Excavated Foundation Scan
Five years ago, my colleague, Brian Vivian, discovered a sandstone boulder in the Workers’ Quarters that had an engraving on it. We tried to read the inscription, but the highly eroded rock and the lichen cover, made it virtually impossible. I endeavored to do a rubbing, but the surface was too uneven. I then traced the engraving with my fingers, as one would if reading Braille, but could only make out some of the letters. We searched in vain for a solution for many long years. Then Ira and Peter arrived on the scene. Initially hesitant about the ability to decipher the writing, they made an effort.
Boulder with Inscription
I should interject here with the setting. This spring we made the alarming discovery that a large portion of the cliff-line upon which this boulder was sitting, had slumped into the Bow River. It seems the flood a couple years ago had destabilized the bank and enough time had elapsed for permanent damage to occur. This left only a narrow ledge, just over a foot in width, in front of the boulder, before a drop of several feet into the crevasse of the slump block. Not to be deterred, Ira climbed to the front of the boulder and began to scan. I, with my fear of heights, or more accurately, the fear of what happens to you when you fall from heights, perched above the boulder clinging to shrubs, camera in hand.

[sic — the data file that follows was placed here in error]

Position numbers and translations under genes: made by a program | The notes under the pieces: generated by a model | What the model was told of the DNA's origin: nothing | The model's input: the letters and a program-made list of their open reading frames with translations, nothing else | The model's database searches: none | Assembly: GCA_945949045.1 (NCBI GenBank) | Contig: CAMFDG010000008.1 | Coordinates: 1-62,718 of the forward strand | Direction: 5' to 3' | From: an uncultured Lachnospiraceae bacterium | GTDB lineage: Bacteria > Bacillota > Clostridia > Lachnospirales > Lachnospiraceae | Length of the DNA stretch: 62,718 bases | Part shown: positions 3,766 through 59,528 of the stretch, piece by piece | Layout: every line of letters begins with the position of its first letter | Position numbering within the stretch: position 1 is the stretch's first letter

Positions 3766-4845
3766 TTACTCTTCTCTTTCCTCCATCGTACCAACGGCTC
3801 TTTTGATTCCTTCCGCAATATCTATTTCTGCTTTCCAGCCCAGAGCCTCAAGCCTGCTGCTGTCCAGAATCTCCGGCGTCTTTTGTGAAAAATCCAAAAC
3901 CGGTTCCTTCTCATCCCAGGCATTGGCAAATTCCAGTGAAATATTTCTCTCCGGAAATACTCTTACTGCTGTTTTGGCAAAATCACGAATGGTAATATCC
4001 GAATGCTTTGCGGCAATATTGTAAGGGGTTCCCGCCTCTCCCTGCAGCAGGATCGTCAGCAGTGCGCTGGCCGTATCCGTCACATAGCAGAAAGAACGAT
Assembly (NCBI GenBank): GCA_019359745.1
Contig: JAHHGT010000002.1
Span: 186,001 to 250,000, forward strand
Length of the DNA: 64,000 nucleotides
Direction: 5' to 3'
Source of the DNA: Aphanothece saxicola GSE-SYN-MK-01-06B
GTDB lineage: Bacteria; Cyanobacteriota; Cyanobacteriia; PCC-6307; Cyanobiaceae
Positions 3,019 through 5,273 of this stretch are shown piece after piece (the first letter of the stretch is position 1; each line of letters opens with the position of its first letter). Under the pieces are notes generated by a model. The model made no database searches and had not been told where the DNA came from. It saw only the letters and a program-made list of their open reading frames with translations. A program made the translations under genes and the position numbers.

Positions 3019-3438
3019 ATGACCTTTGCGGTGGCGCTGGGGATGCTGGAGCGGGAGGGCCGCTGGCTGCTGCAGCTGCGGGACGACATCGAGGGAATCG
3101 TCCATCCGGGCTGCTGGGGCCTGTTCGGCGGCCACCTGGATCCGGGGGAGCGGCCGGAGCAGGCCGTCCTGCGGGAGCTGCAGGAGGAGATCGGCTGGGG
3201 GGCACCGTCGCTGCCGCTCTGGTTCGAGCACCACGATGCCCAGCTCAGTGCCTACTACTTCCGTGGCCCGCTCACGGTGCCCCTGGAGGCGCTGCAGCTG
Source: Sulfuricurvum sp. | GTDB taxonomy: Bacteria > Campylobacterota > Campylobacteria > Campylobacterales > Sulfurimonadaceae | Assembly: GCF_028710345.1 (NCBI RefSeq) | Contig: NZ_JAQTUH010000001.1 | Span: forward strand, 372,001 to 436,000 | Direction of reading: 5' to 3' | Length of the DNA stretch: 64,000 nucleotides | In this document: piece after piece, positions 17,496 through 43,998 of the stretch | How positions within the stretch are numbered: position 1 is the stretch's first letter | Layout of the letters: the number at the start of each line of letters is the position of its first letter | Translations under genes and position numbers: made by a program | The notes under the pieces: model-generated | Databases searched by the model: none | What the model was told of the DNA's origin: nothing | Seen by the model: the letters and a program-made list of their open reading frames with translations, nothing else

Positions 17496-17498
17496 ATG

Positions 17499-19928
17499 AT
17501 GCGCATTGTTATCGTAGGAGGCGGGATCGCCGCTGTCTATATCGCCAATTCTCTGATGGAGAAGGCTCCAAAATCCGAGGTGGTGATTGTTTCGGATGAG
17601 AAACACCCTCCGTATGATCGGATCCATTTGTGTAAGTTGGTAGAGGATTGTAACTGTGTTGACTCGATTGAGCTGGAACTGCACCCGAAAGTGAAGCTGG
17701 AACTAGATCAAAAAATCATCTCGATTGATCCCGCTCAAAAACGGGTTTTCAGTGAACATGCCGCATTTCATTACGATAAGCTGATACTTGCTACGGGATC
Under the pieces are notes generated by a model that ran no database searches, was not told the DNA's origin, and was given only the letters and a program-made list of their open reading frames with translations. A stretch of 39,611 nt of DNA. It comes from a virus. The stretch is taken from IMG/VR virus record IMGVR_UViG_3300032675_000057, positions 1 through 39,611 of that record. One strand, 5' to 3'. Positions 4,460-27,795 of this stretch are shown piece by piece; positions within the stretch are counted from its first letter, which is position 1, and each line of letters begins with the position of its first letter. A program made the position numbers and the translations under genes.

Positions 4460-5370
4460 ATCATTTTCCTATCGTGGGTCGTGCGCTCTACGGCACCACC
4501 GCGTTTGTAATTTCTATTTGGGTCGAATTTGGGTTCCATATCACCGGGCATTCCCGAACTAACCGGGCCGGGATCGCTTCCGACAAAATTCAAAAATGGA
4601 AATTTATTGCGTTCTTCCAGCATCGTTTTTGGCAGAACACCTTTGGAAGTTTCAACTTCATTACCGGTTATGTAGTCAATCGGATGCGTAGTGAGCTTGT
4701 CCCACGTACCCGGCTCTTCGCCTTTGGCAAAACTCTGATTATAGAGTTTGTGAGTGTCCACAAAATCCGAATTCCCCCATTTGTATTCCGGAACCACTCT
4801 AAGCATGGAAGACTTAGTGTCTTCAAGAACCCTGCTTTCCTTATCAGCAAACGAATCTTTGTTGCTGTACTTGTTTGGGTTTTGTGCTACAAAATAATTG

The first attempt was unsuccessful. The scanner was exchanged for a more advanced (and expensive) model and a slightly different technique. This required placing tiny sticky target dots on the boulder face and then moving the special scanner through the air over the area of interest. Immediately Ira saw results and even I, clinging several feet above him, could see letters appearing on his computer screen! This sudden realization, that we could actually read the two names engraved on the boulder, after so many years of wondering, was almost overwhelming. That we had had to wait until the boulder had become almost inaccessible was even more ironic since I had to stifle the urge to jump up and down with excitement, lest I fall from my roost. I managed to contain myself long enough for them to complete their scans and for everyone to reach stable ground. Then Peter showed me how he could manipulate the image colours to make the carving even more distinct. The elation at being able to read the words took my breath away. The only downside was that I did not recognize either name. So now there are more questions to answer!
Enhanced Inscription Scan
I have had so much fun on the Glenbow Town and Quarry Project and met many generous and interesting people over the years. As this field season draws to a close, I’d like to thank all our volunteers and contributors. Their varied perspectives allowed us to see ourselves, our artifacts and archival photos, and our site more clearly. I raise my trowel in salute!
This article was originally printed in the Bergen News and is being reprinted with permission.